Renewable energy and employment: 12 million jobs totalled in 2020
According to the IRENA annual "Renewable Energy and Jobs” review, employment generated by sustainable energy sources reached 12 million jobs last year
In collaboration with the International Labour Organisation (ILO), IRENA recently published the "Renewable Energy and Jobs" review, which illustrates the evolution of global employment related to renewable energies for the year 2020 and reasons on the future scenario of this sector, in relation to the achievement of the climate goals set for 2050.
IRENA began drafting this annual document several years ago, in 2012, when 7.3 million jobs were linked to renewables, but over time, with the various decarbonisation initiatives that have led to swift technological evolution in this sector, employment has seen steady growth, reaching 12 million jobs in 2020.
Of these, 4 million can be attributed to photovoltaics, the leader on the renewables market, followed by 2.4 million workers in the biofuels sector (mainly located in Brazil, Indonesia and the United States) and 1.25 million to wind power, of which 44% is accounted for by China alone, the top player in this field. Of these 12 million, 1,300,000 jobs in renewables are currently located in Europe, where solid biomass predominates, followed by wind, liquid biofuels, photovoltaic, hydroelectric, biogas, geothermal, waste-to-energy, solar heating/cooling, and ocean energy.
The growth in employment in the clean energy sector is also due to the progressive drop in related costs and more or less constant investments made over the years. In addition, research into the green transition is developing new renewable technologies, which IRENA says could contribute to a further increase in the number of jobs: energy storage could be employing 10 million workers by 2030, while green hydrogen could account for a 2 million increase between 2030 and 2050.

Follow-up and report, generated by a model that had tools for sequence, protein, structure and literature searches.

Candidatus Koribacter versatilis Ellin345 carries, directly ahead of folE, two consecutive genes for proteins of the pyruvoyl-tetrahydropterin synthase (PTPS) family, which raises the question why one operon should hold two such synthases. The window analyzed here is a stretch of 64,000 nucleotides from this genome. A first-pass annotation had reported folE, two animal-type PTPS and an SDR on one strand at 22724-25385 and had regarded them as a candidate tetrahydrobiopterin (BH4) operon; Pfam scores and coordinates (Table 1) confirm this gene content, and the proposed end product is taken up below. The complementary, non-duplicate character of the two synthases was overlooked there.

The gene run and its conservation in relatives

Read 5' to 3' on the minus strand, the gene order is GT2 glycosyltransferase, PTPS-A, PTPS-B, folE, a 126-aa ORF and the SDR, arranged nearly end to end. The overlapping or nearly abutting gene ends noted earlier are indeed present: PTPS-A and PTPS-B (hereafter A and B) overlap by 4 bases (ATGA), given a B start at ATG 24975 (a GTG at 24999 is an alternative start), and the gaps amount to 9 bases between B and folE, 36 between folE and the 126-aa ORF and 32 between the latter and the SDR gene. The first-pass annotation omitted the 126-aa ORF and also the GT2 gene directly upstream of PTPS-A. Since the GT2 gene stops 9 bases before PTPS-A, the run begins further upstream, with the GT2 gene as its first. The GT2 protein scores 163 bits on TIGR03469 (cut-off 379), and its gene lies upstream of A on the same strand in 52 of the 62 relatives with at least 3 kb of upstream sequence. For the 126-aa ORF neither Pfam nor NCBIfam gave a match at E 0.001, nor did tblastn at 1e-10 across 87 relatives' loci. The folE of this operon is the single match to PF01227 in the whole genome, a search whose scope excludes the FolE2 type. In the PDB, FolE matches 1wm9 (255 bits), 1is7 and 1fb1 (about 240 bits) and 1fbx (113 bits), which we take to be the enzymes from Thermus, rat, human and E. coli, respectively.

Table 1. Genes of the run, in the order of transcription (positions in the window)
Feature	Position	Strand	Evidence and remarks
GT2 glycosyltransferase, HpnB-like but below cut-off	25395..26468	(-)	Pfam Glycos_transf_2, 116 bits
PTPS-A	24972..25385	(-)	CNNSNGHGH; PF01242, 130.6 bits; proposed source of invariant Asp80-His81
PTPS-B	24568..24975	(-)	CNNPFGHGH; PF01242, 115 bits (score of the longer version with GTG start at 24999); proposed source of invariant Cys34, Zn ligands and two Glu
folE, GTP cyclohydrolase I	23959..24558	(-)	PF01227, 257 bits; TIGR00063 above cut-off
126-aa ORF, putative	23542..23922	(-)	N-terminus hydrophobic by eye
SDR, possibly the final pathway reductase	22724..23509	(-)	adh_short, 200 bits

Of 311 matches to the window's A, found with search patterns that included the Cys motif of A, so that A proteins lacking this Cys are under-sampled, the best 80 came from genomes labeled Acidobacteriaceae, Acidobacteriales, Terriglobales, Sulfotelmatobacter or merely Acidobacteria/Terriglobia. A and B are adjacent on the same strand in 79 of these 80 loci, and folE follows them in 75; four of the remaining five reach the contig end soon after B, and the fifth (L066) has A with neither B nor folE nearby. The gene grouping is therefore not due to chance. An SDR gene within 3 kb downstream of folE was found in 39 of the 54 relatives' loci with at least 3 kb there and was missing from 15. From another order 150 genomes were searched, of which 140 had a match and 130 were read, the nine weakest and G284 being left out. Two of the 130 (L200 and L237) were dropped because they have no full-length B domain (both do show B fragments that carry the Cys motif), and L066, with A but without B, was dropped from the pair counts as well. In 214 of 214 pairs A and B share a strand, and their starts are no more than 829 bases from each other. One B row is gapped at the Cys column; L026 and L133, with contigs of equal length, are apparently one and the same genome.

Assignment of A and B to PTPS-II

Job creation related to renewables relies mainly on the ability of governments and administrations to build and consolidate national supply chains, on their support for the cause through appropriate industrial policies, and on the investments and incentives made available to reap the socio-economic benefits of decarbonisation and energy transition.
But if this growth in employment created by renewable energy is so evident and rapid, it is fair to ask whether workers employed in this sector will require any particular training. What kind of education will be needed in the future to work in the field of renewable energies?
According to analysis by IRENA, if we achieve the Paris Agreement scenario of limiting the temperature increase to 1.5°C, of the 122 million jobs that renewables are expected to create by 2050, 50% will require a primary or lower secondary education, 37% will need secondary education and the remaining 13% will require a higher qualification, such as a bachelor's, master's or doctorate, on the understanding that many of the skills that those currently working in the fossil fuel sector have are in line with those required in renewables.
This further underlines the fact that the 'green revolution' is not just about technology development and the transition of energy systems—it has a holistic approach, which also includes the social and economic sphere.